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Cramps are unpleasant, often painful sensations caused by contraction or over shortening of muscles. Cramps can be caused by cold, overexertion, or a low calcium level in the blood (especially for adolescents, who need calcium for both blood and bone maturation). However, the most common reasons are low sodium and potassium levels in the blood, accompanied by excessive dehydration. Illness or poisoning can also cause cramps, particularly in the stomach, which is referred to as colic if it fits certain characteristics. This will often happen when you are dehydrated.
There are numerous causes of cramping: hyperflexion, hypoxia, exposure to large changes in temperature, dehydration, low blood salt, or low blood calcium. Muscle cramps may also be a symptom or complication of pregnancy, kidney disease, thyroid disease, hypokalemia, or hypocalcemia (as conditions), restless-leg syndrome, varicose veins, and multiple sclerosis.
Electrolyte disturbance may cause cramping and tetany of muscles, particularly hypokalaemia (a low level of potassium) and hypocalcaemia (a low level of calcium). This disturbance arises as the body loses large amounts of interstitial fluid through sweat. This interstitial fluid comprises mostly water and table salt (sodium chloride). The loss of osmotically active particles outside of muscle cells leads to a disturbance of the osmotic balance and swelling of muscle cells, as these contain more osmotically active particles. This causes the calcium pump between the muscle lumen and sarcoplasmic reticulum to short circuit; the calcium ions remain bound to the troponin, and the muscle contraction is continued. This may occur when the lactic acid is high in the cells.
As early as 1965, it was observed that leg cramps and restless-leg syndrome can be a result of excess insulin, sometimes called hyperinsulinemia. Hypoglycemia & reactive hypoglycemia are also known to be associated with excess insulin , and avoidance of low blood glucose concentration may help to avoid cramps.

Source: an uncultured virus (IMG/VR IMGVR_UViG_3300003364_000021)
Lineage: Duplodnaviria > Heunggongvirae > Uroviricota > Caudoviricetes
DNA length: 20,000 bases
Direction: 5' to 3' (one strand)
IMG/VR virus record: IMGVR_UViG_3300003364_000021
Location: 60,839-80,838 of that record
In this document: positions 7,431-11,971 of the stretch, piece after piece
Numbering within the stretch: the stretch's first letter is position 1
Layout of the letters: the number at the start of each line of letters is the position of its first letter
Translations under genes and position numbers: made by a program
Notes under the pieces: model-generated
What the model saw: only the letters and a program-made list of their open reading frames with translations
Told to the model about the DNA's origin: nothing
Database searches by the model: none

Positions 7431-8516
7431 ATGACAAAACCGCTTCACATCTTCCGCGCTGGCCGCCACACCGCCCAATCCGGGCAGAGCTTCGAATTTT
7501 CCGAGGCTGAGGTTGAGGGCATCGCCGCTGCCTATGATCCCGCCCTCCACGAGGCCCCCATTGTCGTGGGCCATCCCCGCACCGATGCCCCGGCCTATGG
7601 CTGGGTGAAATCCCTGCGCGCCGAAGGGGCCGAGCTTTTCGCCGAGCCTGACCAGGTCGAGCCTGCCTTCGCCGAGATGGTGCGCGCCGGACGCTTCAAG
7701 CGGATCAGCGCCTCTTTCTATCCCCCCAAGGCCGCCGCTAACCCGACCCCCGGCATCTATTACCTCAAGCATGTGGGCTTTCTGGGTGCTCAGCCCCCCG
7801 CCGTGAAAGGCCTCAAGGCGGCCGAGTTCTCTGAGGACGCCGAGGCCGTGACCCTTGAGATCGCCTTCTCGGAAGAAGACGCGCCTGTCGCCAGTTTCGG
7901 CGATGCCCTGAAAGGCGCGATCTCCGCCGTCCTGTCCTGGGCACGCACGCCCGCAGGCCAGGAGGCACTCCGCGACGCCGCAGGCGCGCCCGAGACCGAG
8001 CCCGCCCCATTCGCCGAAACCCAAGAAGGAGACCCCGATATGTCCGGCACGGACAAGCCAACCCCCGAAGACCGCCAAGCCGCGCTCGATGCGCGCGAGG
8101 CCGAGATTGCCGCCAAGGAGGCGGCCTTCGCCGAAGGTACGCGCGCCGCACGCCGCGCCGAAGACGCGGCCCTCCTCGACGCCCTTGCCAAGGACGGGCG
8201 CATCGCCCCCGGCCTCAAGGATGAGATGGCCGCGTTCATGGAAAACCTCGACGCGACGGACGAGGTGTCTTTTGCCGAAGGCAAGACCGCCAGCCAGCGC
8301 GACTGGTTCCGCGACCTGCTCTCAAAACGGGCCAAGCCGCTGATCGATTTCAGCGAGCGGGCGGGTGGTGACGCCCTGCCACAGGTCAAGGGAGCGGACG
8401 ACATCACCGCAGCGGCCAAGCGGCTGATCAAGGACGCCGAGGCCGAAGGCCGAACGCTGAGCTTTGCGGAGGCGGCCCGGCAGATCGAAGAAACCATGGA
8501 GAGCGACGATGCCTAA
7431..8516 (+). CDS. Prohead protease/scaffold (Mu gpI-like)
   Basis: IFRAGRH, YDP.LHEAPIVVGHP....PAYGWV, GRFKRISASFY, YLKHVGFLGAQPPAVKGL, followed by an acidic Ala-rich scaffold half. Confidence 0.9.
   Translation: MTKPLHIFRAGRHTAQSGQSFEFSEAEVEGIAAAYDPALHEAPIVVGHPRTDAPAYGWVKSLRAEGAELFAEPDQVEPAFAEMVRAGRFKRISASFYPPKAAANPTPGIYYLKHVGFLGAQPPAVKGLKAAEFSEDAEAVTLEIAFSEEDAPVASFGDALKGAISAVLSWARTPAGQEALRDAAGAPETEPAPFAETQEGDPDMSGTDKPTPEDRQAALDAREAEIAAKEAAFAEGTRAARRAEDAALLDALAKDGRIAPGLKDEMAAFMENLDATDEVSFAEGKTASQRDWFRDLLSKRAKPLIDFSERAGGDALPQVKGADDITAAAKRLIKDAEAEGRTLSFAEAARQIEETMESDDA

Skeletal muscles work as antagonistic pairs, the contraction of one skeletal muscle requires the relaxation of the opposing muscle in the pair. Cramps can occur when muscles are unable to relax properly due to the myosin fibres not detaching fully from the actin filaments. In skeletal muscle, both ATP (energy) and magnesium must attach to the myosin fibres in order for them to disassociate from the muscle and allow relaxation — the absence of either of these in sufficient quantities means that the myosin remains attached to actin. An attempt to force a muscle cramped in this way to extend (by contracting the opposing muscle) can tear muscle tissue and make the pain worse.
Statins are known to cause myalgia and cramps among other possible adverse reactions or side effects, including substantially lowering blood glucose concentration. Additional factors, which increase the probability for these adverse side effects, are physical exercise, age, female gender, history of cramps, and hypothyroidism. Up to 80% of athletes using statins suffer significant muscular adverse effects, including cramps; the rate appears to be approximately 10-25% in a typical population using statins. In some cases, these adverse effects will disappear after switching to a different statin; however, they should not be ignored if they persist, as they can, in rare cases, develop into more serious problems. Coenzyme Q10 supplementation can be helpful to avoid some statin-related adverse effects, but currently there is not enough evidence to prove the effectiveness in avoiding myopathy or myalgia.
Muscle cramps can be treated by applying a soft massage on the cramped muscle, stretching hands above the head, inhaling deeply through the mouth, stretching the muscle, and applying heat or cold. Heat improves superficial blood circulation and makes muscles more flexible, so some people find heat to be soothing for muscle cramps. Application of excessive heat or cold to sore muscles may bring on cramps, even though this just contradicts the former. Pounding on a cramped muscle can increase soreness. Trying to put weight on a cramp too soon can cause another cramp or even a temporary loss of ability to use that muscle. For leg cramps, the quickest treatment involves bending over and grabbing the end of the toes, fully straightening out the leg; the cramp will eventually dissipate.